Figure 1 presents the striking growth of eBay mobile use. From zero in 2008, mobile-originated transactions (here defined as “standard” eBay transactions via auctions or “Buy It Now” fixed prices) have been growing rapidly, increasing by a factor of ten in just a three-year period (April 2010 to April 2013). The share of mobile brows- ing activity—as measured by the number of page downloads—has also increased, although at a somewhat slower pace.5

Figure 1 also presents a similar trend in terms of users. We say that a user has adopted mobile

4 This definition of mobile does not include mobile activ- ity that originates from a regular browser (“mobile web”), such as Safari on iPhone. However, mobile web accounts for only 1.4 percent of total eBay purchases over the period we study.

5 Initially, the number of page downloads per browsing session was 30 percent higher on mobile, given the different design of the eBay app interface. By 2013, however, the number of page downloads per browsing session was similar across mobile and nonmobile sessions.

when he makes his first mobile purchase.6 By June 2013, more than one-third of eBay’s active users (in a given month) were mobile adopters. Moreover, the monthly adoption rate (the num- ber of new adopters in a month over the number of users yet to adopt) had increased to over 7 percent in early 2013.

II. Who are the Early Adopters?

For the most part, the early mobile adopters (defined as before) already were highly active on eBay relative to other users. We illustrate this in Figure 2. The figure shows, quarter by quar- ter, the eBay activity of nonmobile users who subsequently adopted mobile in the following quarter versus users who remained nonadopt- ers for at least one more quarter. The measure of eBay activity is (nonmobile) purchase counts for the previous 12 months.

6 An alternative would be to define mobile adoption after the first mobile browsing session. This would almost double our measure of mobile users, but then would mean that only half the mobile user group had actually engaged in a mobile transaction.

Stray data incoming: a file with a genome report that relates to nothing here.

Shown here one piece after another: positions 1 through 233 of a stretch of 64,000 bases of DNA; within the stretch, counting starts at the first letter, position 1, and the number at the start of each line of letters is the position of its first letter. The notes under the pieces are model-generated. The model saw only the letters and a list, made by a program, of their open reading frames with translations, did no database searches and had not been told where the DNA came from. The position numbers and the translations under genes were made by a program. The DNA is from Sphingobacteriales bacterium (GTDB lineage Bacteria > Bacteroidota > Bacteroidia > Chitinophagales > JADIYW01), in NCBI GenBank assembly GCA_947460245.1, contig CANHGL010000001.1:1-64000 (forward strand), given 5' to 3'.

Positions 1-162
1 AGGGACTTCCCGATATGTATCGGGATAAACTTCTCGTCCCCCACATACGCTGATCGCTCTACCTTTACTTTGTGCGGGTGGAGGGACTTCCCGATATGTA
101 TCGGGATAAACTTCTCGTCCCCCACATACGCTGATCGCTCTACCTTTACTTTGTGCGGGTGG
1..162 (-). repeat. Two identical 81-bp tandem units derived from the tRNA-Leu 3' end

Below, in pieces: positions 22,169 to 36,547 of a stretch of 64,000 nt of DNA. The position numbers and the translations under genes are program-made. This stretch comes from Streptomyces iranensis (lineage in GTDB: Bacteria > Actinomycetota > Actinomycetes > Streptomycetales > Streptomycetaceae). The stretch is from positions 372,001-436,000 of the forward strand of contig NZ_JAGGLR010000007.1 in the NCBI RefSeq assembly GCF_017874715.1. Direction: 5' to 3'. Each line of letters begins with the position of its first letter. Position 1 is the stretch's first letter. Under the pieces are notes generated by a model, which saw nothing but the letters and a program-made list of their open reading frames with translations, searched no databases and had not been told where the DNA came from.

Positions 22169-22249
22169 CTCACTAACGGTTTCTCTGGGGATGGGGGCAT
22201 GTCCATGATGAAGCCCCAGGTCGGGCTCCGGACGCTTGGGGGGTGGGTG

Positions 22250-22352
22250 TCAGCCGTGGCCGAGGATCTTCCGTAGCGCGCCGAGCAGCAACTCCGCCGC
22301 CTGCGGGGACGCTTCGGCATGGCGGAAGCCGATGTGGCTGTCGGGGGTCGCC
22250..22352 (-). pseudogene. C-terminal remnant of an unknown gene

Figure 1. The Growth of Mobile, 2008–2013

Notes: This figure plots three variables in a monthly time series: mobile purchase share, mobile user share, and mobile page download share. The mobile purchase share repre- sents the fraction of purchases initiated using a mobile app. Monthly mobile user share is the share of all users making a purchase in a given month who had made a mobile purchase in or prior to that month. Page download share is the ratio between the number of mobile page downloads and the total number of eBay page downloads. Each time series is nor- malized by its April 2010 level (the first month for which we have reliable mobile page download data).

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The mobile adopters are, on average, heavier users than the nonadopters, with the difference being most pronounced for the earliest mobile adopters.

There is also interesting geographic variation in mobile adoption. For all users, we obtain a location measure using the primary IP address from which they log in. Figure 3 presents the mobile share of GMV for each US state dur- ing 2012. Interestingly, the states with the highest GMV share of mobile are in the south: Mississippi (22 percent); Louisiana (20 per- cent); Oklahoma (17 percent); and Texas (16 percent).7

We should note that the variation across states partly reflects variation in the smartphones and wireless infrastructure, or in the quality of

7 The lowest states in terms of mobile share are: North Dakota (6 percent); South Dakota (7 percent); Vermont (7 percent); Montana (8 percent); and Maine (9 percent). In the online Appendix, we show that some states where one might have expected high adoption, such as California and Massachusetts, were leaders at the beginning of the sample period.

broadband connections. Indeed, once normal- ized by the number of cell phone users who are subscribed to a data plan in each state as of the end of 2011,8 the North-South mobile use pat- tern is not as sharp.

III. Effects of Mobile Adoption

Perhaps the most interesting question is how mobile adoption affects e-commerce shop- ping behavior. Isolating this treatment effect is a more challenging exercise given that—as we have seen in the last section—adopters and nonadopters are not fully comparable in terms of their overall eBay activity.

One way to address this selection concern is avoid comparisons across users, and instead focus on the changes in activity for the same user, before and after his adoption of mobile.

Figure 4 presents this analysis by reporting users’ activity in the six months before and six months after mobile adoption, pooling all users who adopted mobile at some point during the year 2012.

The before-and-after comparison suggests that mobile adoption coincides with a large spike in activity during the month of adoption, and a subsequent permanent increase in eBay activity

8 FCC’s Sixteenth Mobile Wireless Competition Report.

Figure 2. Mobile Adopters versus Nonadopters

Notes: This figure explores how mobile adopters differ from nonadopters in their core site usage. We define mobile adop- tion as a user’s first mobile purchase. For each quarter, we divide all active users who have never purchased anything through a mobile application into two groups. The first group consists of those users who will make their first mobile pur- chase in the following quarter. The second group consists of users who will not adopt next quarter. For each group of users, we plot the mean number of purchases over the prior year, normalized by the mean of 2010 purchases for 2011:I nonadopters who did not make a mobile purchase in 2011:II.